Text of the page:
40 years of Sesame Street
Sesame Street gang came on the scene, TV for kids was an educational wasteland.
“[The show]was a total breakthrough,” says Daniel Anderson, a professor emeritus of psychology at the University of Massachusetts Amherst who has worked as a consultant for the show. “It was the first program that really did extensive curriculum development based on the best education and child development expertise at the time.”
Sesame Street created a refreshing fusion of imagination and real life, a quality that encourages kids to learn, says Elizabeth Morley, principal at the Institute of Child Study Laboratory School at the University of Toronto’s Ontario Institute for Studies in Education (OISE). “This wasn’t adults talking to children, these were characters they could engage with,” she says. “A cookie monster! What child can’t relate to that?”
It helped kids with the social worldcheap nfl jerseys
When Big Bird cried over a breakup with a friend, kids shed a tear along with him. And when mom and pop Snuffalupagus divorced, children from broken homes could relate to their daughter Snuffie.
Sesame Street has been quick to turn social travails of the day into lessons for its tiny viewers, Prof. Anderson says.
When the actor who played grandfatherly grocer Mr. “They could have had him move away or they could have just ignored the fact that he was missing,” Prof. Anderson says. The show addressed the Sept. 11, 2001, terrorist attacks, the recent financial crisis and even the obesity epidemic.
teaching the ABCs and 123s are the key to the show’s success, lessons in emotional intelligence have been invaluable, Ms. Morley adds. “In any of the characters we could find the normal childhood range of emotions,” she says. “The interest was always there, but they provided the vehicle,” he says. “They created characters that got kids’ attention. Joe to sell their products, says Dale Kunkel, a professor of communication at the University of Arizona who studies children and media. “They’d said ‘You shouldn’t be criticizing us, because we’re just like
Sesame Street . They promote their characters and we’re just doing the same thing.'”Sesame Street advertises its huge cupboard of toys and products (Tickle Me Elmo, anyone?), there’s a measured effort to only market them to adults, Dr. Kunkel says. “One place you’ll see them advertised is in the late night talk show [time slots]”Sesame Street ‘s ABCs spell ADHD? The show was one of the first to experiment with educational segments in bite sized pieces a move made based on research that showed kids are very attentive to TV ads, says Shalom Fisch, a New Jersey based children’s educational media consultant who worked at Sesame Street for 15 years and co edited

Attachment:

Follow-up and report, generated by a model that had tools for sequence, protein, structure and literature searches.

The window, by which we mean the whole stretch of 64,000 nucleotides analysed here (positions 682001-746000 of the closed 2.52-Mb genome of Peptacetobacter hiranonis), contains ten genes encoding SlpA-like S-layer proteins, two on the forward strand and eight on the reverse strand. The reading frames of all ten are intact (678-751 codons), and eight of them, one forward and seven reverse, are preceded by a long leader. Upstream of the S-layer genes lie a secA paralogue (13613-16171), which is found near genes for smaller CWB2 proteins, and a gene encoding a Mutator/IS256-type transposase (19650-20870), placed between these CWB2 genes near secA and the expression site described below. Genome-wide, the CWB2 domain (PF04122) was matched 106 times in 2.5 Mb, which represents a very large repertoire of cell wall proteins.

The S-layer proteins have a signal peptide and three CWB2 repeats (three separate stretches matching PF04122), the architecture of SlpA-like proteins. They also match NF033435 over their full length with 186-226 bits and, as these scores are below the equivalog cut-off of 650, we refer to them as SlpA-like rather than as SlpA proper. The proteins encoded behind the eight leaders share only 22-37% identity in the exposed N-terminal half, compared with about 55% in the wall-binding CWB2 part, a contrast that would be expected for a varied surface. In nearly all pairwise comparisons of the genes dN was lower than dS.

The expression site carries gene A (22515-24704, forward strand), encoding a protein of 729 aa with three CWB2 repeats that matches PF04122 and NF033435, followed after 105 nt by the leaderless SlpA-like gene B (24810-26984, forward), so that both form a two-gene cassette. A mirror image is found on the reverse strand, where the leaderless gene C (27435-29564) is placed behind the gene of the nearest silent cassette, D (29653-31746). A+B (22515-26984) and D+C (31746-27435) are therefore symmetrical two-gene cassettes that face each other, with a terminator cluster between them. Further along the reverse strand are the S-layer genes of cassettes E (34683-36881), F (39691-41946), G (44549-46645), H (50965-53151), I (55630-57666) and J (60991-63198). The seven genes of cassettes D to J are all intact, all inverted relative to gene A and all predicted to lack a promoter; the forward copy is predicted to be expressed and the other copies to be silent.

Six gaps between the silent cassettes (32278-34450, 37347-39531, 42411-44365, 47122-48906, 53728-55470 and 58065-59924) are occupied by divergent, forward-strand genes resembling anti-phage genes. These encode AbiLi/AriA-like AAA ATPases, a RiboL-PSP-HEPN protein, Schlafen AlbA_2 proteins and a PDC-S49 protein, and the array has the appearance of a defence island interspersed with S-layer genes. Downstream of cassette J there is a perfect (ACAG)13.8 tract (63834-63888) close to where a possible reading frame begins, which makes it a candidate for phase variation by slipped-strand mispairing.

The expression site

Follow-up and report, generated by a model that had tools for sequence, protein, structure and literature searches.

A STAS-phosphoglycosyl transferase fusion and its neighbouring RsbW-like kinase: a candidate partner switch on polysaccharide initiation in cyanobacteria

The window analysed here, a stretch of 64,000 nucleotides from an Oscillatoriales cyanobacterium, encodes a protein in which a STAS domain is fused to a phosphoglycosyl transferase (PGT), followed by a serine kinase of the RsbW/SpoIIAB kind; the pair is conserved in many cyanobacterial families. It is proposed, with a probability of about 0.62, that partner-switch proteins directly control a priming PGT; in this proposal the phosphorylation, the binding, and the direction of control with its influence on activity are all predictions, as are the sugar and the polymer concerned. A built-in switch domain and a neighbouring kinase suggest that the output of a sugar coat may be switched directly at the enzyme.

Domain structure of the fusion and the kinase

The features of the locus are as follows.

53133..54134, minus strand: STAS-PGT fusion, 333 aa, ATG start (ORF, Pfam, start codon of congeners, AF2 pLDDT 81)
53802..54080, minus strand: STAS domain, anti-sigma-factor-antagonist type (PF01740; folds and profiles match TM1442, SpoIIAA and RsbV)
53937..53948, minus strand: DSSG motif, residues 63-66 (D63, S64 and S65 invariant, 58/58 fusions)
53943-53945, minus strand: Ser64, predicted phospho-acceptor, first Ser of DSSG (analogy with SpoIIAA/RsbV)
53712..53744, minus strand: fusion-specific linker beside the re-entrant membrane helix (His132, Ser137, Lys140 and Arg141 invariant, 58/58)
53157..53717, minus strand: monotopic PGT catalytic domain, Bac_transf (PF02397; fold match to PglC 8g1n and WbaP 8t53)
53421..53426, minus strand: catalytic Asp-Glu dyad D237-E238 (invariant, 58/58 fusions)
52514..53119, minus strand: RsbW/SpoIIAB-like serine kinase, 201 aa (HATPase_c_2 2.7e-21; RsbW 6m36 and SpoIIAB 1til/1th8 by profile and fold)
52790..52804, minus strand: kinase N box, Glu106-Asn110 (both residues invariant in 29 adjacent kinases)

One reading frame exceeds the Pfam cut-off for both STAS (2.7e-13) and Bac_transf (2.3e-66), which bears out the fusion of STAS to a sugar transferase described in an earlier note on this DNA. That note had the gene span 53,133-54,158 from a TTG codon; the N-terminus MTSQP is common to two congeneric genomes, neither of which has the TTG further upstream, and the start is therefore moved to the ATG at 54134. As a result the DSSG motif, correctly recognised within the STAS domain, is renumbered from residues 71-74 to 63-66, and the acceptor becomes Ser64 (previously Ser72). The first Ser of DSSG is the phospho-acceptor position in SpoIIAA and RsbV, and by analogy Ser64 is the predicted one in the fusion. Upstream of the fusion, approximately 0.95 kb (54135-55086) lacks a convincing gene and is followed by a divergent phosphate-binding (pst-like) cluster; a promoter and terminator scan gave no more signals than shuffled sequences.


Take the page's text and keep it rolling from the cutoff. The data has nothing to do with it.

G Is for Growing: Thirty Years of Research on Children and Sesame Street . Educators and parents voiced concerned that the fast paced, quick change approach was eating away at attention spans, but that’s never borne out in research, Mr. Christakis, who has researched the impact of television on children’s attention spans. “It wasn’t a light switch, but if you look at pacing today versus 20 years ago, you’ll notice there’s a dramatic difference.”
Controversy also touched
Sesame Street in 2006 with the launch of Sesame Beginnings, a series of episodes for kids under 2. The American Pediatric Society advises against television for tots and infants and the Canadian Paediatric Society is expected to follow suit.
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